- In 1974, she published her first feminist book titled ‘Woman Hating’ which criticized pornography and discussed the issues of radical feminism and misogyny.
- In 1980, she sought help from an ex-pornographic actress, Linda Boreman, who presented her testimony that she was forced into the pornographic business and constantly abused and raped by her husband.
- With help of feminist lawyer, Catharine MacKinnon, they drafted an ordinance which would allow people to sue the producers of porn, due to pornography being a form of sex discrimination. The ordinance was supported by various factions, including radical feminists and conservatives but was declared unconstitutional by the U.S. Supreme Court as it violated first amendment rights.
- In 1981, she released her book titled ‘Pornography: Men Possessing Women’ which took a powerful stance for pornography being a violation of women's civil rights.
- She spoke at a conference in the United Kingdom against pornography and also lent her support to those in the United Kingdom who were able to identify the ills effects of pornography on society and spread awareness about it.
- In 1987, her book ‘Intercourse’’ was published which explored the relationship between sex and violence.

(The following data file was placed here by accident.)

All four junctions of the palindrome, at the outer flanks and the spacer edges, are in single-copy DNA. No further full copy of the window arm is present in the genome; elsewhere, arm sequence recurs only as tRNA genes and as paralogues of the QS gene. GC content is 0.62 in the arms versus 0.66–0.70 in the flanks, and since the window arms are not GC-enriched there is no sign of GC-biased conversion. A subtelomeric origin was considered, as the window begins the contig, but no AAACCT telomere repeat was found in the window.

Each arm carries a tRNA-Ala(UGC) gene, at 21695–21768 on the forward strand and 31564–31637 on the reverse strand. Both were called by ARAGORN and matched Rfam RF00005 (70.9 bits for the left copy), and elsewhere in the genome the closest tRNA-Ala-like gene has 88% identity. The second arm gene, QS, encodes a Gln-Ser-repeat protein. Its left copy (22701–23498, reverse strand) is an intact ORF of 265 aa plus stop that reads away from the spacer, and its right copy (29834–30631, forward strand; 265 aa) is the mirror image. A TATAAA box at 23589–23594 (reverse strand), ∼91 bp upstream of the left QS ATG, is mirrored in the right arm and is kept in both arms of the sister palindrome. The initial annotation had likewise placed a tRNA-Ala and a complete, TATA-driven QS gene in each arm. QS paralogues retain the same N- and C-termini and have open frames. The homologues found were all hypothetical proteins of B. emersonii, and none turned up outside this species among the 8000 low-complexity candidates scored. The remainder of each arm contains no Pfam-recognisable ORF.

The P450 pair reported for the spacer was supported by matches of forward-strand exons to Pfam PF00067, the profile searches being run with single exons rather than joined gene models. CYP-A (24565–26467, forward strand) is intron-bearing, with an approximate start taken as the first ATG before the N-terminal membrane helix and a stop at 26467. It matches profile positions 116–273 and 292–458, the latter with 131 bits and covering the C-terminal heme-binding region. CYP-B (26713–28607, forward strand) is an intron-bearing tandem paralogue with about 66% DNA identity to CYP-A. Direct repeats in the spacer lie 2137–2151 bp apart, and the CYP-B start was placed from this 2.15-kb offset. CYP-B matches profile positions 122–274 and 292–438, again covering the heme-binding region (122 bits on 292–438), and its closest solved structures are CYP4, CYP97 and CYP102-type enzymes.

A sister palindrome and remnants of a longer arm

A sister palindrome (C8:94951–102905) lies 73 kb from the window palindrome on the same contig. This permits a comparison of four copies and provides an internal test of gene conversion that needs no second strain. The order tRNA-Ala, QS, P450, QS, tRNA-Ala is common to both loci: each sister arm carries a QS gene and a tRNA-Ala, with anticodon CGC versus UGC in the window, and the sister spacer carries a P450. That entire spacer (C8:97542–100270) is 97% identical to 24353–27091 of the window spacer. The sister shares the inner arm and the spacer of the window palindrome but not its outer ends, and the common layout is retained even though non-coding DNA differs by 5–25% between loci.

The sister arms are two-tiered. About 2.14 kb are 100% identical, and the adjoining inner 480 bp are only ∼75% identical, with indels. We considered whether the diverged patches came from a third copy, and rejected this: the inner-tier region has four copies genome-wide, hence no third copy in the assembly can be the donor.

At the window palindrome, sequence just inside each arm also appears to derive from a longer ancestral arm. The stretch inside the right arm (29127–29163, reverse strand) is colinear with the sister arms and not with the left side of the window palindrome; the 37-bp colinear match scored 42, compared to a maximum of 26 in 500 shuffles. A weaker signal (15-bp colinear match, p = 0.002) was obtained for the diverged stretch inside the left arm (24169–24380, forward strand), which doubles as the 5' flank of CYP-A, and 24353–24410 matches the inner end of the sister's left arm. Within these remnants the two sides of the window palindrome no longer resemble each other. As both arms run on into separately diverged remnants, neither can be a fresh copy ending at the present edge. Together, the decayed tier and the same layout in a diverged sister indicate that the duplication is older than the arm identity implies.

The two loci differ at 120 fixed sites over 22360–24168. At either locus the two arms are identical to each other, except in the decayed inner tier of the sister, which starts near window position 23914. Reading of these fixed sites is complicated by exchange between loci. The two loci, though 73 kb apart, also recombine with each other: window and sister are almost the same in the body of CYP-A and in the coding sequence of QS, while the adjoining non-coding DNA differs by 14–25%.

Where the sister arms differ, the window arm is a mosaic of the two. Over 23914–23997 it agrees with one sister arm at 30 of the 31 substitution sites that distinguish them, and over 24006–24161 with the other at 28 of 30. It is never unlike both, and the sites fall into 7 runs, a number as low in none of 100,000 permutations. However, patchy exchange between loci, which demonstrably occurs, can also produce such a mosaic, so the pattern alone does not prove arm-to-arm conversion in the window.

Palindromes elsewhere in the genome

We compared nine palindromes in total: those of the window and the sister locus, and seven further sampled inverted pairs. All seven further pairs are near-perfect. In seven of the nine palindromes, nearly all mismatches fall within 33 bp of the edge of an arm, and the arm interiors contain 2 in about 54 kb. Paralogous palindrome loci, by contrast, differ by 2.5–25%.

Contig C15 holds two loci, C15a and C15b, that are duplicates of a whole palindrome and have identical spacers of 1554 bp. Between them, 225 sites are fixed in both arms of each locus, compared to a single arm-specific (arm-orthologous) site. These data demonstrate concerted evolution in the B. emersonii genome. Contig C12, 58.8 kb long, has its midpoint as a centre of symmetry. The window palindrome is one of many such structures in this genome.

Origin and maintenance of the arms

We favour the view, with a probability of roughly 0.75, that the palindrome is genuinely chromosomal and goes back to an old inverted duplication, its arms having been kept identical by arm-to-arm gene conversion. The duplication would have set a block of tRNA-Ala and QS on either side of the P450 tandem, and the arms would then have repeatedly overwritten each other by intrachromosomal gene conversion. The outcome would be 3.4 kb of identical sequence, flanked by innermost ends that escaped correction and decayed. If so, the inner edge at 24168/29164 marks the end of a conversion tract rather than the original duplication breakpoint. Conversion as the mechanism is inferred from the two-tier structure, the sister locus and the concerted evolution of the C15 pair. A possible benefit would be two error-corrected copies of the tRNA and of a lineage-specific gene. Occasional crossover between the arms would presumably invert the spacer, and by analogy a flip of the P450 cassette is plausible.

- Her other works emphasizing on social issues included ‘Pornography and Civil Right: A New Day for Women's Equality’ (1988), ‘Letters From a War Zone’ (1989), ‘Life and death’ (1997) and ‘Scapegoat: The Jews, Israel and Women's Liberation’ (2000).
- She also wrote a collection of short stories titled ‘The New Woman's Broken Heart’ in 1980 and two fictional novels, ‘Fire and Ice’ (1986) and ‘Mercy’ (1990). Her fictional works did not receive much of a response from the audience or critics.
- She published her autobiography ‘Heartbreak: The Political Memoir of a Feminist Militant’ in 2002.
- She was a powerful orator, who with her passionate speeches, inspired her audience to act. Her 1978 speech at the first Take Back the Night march and her 1983 speech at the Midwest Regional Conference are considered some of her most influential speeches of wisdom and motivation.
- One of her most notable and highly appreciated writings was her 1981 book ‘Pornography: Men Possessing Women’ which analyzes contemporary and historical pornography as an industry that hates and dehumanizes women.
- Her analysis and writing influenced and inspired the work of contemporary feminists, such as Catharine MacKinnon, Gloria Steinem, John Stoltenberg, Nikki Craft, Susan Cole and Amy Elman.
- She married a Dutch anarchist, Cornelius (Iwan) Dirk de Bruin in 1969. But the marriage ended in 1971 as a result of her husband’s abusive and violent nature. She was brutally tormented and tortured by him during the two years of her marriage.
- In 1974, she met her future husband, John Stoltenberg, feminist writer and activist, at a poetry reading in Greenvich Village. Although she publicly identified herself as lesbian and John as gay, they lived together and eventually got married in 1998.
- She died in her sleep on the morning of April 9, 2005 at her home in Washington, D.C. Later, the cause of her death was determined to be acute myocarditis.